Dec 17, 2020 I Paul Seaburn

Mysterious Disappearances of Two Cousins in Patagonia Blamed on Evil Spirits

In 2011, Raymundo Pino got a job repairing fences near the town of El Embrujo in an area of Patagonia which had been covered with ash earlier that year by the Puyehue-Cordón Caulle eruption in Chile. He left one day to put up a fence and was never seen again, despite extensive searches by friends and relatives. One of those cousins, Narciso Pino, got a job in 2020 repairing fences near the town of El Embrujo, just like his cousin. On November 5, he left to put up a fence and has not been seen since. While some blame his drinking, others say the cause of the similar deaths of the two cousins was something more sinister – evil spirits from the world of the dead whose voices are heard in the area. Spirits – one alcoholic, the other evil. Which one is responsible for the identical deaths of two cousins nine years apart?

Cordon Caulle eruption 1960 570x239
Cordon Caulle eruption in 1960

“It cannot be that he has the same fate as his cousin. It must be in some cave , hidden. It sure got lost. Lately I was drinking a lot of alcohol, ”they say in the town.”

A Google translation of the Spanish story in Clarin looks at both theories. While locals in the small town of about 600 refuse to believe Narciso caused his own disappearance, that’s the thought of Andrés Oscar Ibáñez, the commissioner of Gan Gan – the town where Narciso Pino worked as a laborer (“peon”) at the Los Gurices Ranch. Ranch employees, special police, locals and relatives searched for Narciso on horseback and with drones and dogs. They found footprints, no signs of violence, but no body. The commissioner said Pino knew the area and was in good shape. However, some family members say he drank a lot and may have been suffering from withdrawal hallucinations.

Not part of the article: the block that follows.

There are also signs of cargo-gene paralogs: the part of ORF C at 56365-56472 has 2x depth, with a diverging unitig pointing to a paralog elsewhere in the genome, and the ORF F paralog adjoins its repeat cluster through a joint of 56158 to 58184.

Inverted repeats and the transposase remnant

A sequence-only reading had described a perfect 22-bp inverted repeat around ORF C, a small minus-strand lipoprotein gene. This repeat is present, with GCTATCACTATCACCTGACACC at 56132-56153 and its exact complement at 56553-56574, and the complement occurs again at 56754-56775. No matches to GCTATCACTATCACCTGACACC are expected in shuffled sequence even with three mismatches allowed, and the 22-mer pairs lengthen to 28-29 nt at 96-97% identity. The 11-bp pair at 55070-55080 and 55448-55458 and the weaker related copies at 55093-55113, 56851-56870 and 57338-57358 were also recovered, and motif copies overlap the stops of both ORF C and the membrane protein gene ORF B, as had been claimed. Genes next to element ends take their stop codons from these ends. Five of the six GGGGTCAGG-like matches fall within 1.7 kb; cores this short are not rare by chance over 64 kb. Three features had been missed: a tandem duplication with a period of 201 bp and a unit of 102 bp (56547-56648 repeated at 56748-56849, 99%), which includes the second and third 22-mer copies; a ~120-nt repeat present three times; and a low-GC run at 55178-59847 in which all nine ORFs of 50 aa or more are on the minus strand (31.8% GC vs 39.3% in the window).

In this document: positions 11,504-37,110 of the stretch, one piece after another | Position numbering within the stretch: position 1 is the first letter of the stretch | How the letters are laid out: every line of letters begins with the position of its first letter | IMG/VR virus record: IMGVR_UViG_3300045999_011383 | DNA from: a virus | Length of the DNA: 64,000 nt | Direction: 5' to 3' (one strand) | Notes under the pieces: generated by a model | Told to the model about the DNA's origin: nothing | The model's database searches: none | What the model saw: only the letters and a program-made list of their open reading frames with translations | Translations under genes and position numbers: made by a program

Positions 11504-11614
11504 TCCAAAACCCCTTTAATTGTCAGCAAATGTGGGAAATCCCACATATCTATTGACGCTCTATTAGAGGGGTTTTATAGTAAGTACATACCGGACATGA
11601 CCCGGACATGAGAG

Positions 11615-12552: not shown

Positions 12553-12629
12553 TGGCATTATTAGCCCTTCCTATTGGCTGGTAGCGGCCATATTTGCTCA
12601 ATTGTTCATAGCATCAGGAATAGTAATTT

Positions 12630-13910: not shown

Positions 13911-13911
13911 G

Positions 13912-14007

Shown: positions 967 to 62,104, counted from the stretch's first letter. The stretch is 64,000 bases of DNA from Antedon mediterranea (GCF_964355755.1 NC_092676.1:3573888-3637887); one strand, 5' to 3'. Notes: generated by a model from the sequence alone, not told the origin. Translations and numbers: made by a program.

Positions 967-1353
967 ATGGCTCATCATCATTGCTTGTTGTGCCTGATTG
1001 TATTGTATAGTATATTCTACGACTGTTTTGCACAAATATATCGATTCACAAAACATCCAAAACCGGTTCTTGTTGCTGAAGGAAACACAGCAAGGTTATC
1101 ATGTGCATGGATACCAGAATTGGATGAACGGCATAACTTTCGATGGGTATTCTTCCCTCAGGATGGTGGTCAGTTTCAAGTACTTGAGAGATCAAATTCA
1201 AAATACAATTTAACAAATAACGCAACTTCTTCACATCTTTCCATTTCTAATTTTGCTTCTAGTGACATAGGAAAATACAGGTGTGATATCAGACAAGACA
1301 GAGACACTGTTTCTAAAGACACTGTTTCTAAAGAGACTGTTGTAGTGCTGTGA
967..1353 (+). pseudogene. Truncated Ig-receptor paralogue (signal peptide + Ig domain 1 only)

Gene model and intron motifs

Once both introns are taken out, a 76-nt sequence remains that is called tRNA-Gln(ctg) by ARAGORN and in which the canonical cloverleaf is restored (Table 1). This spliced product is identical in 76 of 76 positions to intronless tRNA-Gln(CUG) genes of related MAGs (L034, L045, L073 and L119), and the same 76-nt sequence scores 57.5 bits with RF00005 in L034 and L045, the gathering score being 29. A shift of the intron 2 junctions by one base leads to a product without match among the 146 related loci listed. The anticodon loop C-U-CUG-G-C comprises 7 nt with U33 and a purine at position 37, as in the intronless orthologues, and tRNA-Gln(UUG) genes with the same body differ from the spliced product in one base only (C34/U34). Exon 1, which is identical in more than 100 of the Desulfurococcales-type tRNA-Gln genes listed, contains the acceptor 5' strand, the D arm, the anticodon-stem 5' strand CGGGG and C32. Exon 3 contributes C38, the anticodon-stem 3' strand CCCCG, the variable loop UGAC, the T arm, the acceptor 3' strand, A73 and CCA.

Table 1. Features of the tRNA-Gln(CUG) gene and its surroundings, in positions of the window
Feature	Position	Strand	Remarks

“The striking thing is that in the place [en el establecimiento los Gurices] there was food on the table. And also there was sulfur in the wood stove. In the investigation, interviewing his two sons, they were consulted, and they reported that he did it when I heard voices or saw things. He used sulfur to drive them away.”

Drive away what? The locals believe that El Embrujo is inhabited by evil spirits whose voices they hear, along with the noises they make. Sulfur is burned to chase away “Cosa e'mandinga“ or "Thing e'mandinga," an indigenous name for the Zupay or Mandinga thing – a half man, half goat, with horns and very hairy goat legs with large hooves … a thing which lives in caves and can shapeshift into a woman, a gaucho riding a horse, a dwarf or an old man, all of which bring evil and misfortune in the forms of droughts, floods, fires, pests and other problems. Problems like the eerily similar disappearances of two cousins 9 years apart?

Folk tales, legends and myths hold a tremendous power over believers, especially those looking for explanations for unusual events. Gan Gan had been spared the ravages of the coronavirus – it had no cases … until the disappearance of Pino. Gan Gan now has 40 active cases and more than 100 isolated individuals. And a missing man. With an eerie set of circumstances connecting him to another missing man.

Would you think it was all just a coincidence … or would you get some sulfur, just in case?

Paul Seaburn

Paul Seaburn is the editor at Mysterious Universe and its most prolific writer. He’s written for TV shows such as "The Tonight Show", "Politically Incorrect" and an award-winning children’s program. He's been published in “The New York Times" and "Huffington Post” and has co-authored numerous collections of trivia, puzzles and humor. His “What in the World!” podcast is a fun look at the latest weird and paranormal news, strange sports stories and odd trivia. Paul likes to add a bit of humor to each MU post he crafts. After all, the mysterious doesn't always have to be serious.

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